Feds Set To Mandate "Black Box" Data Recorders In Every Car And Truck … Privacy advocates worry, but technology has caught bad drivers lying about accident causes … Accident investigators will soon have black-box data from all crashes, because of a new rule set to be finalized by the National Highway Traffic Safety Administration … Many motorists don't know it, but it's likely that every time they get behind the wheel, there's a snitch along for the ride. … This week ended the public comment period on a proposed law that would put so-called black boxes in every new car sold by September 1, 2014. The thing is, most cars already have them unbeknownst to many drivers. – AP
Dominant Social Theme: The government intends to make you safer, and there's nothing you can do about it.
Free-Market Analysis: We've known this was coming but we are still surprised that the plans proceed – and that the rationale remains the same.
What articles like this show clearly is that wire services like AP are content with sticking with a general theme that governments are "here to help" and that the intrusiveness of government and demolition of privacy is less important than saving lives.
A subdominant social theme would be that industry and government working together can make a difference. But this, in fact, is an invitation to more authoritarianism rather than less.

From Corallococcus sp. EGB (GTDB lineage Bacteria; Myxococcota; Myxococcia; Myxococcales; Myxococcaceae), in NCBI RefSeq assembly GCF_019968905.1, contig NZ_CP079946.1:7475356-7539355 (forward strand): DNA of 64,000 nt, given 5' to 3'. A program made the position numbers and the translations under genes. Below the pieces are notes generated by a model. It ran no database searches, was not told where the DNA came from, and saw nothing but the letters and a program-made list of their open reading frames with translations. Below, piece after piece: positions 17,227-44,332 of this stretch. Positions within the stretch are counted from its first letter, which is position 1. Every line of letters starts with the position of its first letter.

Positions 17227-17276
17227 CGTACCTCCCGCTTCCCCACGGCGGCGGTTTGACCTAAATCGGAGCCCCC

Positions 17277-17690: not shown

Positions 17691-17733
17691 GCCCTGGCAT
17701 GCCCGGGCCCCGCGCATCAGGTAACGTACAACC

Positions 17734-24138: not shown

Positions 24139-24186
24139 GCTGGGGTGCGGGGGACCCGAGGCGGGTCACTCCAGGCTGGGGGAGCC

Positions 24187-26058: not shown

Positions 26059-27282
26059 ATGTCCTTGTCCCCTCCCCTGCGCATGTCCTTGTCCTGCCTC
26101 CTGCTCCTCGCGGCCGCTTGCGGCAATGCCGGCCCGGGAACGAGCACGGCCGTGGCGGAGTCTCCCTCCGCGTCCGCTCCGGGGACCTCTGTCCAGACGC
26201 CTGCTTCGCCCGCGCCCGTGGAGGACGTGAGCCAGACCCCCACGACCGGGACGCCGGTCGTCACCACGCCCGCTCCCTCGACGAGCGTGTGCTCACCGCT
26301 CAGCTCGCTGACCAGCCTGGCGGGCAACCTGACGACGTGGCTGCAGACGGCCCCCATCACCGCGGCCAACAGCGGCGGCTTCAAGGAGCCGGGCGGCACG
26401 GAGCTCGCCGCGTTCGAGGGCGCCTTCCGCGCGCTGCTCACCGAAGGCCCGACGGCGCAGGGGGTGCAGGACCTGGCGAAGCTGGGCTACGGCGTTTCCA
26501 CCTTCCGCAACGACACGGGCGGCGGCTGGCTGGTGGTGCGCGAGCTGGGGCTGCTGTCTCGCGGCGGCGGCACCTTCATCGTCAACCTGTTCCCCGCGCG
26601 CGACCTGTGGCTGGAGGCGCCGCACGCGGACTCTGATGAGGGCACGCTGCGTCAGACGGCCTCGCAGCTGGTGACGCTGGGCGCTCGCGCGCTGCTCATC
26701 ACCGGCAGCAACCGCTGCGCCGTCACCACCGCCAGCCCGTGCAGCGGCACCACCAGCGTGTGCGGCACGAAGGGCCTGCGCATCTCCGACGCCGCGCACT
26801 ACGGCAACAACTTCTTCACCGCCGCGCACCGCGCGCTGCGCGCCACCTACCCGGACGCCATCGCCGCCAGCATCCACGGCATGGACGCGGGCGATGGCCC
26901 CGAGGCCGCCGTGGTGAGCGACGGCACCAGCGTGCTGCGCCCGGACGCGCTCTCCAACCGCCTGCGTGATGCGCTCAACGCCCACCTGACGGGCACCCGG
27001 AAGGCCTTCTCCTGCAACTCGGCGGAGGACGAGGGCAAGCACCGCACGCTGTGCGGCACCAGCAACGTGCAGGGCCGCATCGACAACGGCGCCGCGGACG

Private public partnerships are always going to yield to mercantilism in which government is used by some powerful private powers to advance their agendas over others.
In this case, the private party is, generally speaking, a tiny power elite that wants to implement world government and is continually launching initiatives to generate the required result.
The middle class is usually targeted, as they stand in the way of the kinds of society-reshaping that elites desire. For this reason, middle class behavior often comes under attack, with the powers-that-be seeking to control it in order to further extend dominance over society. This obviously involves transportation, as well. Here's more from the article:
Automakers have been quietly tucking the devices, which automatically record the actions of drivers and the responses of their vehicles in a continuous information loop, into most new cars for years.
When a car is involved in a crash or when its airbags deploy, inputs from the vehicle's sensors during the 5 to 10 seconds before impact are automatically preserved. That's usually enough to record things like how fast the car was traveling and whether the driver applied the brake, was steering erratically or had a seat belt on. This data has been used recently, for example, to determine what was happening in cars before accidents when some Toyota owners were claiming their cars were accelerating out of control as they were driving.
The idea behind mandating black box data recorders is to gather information that can help investigators determine the causes of accidents and lead to safer vehicles. But privacy advocates say government regulators and automakers are spreading an intrusive technology without first putting in place policies to prevent misuse of the information collected.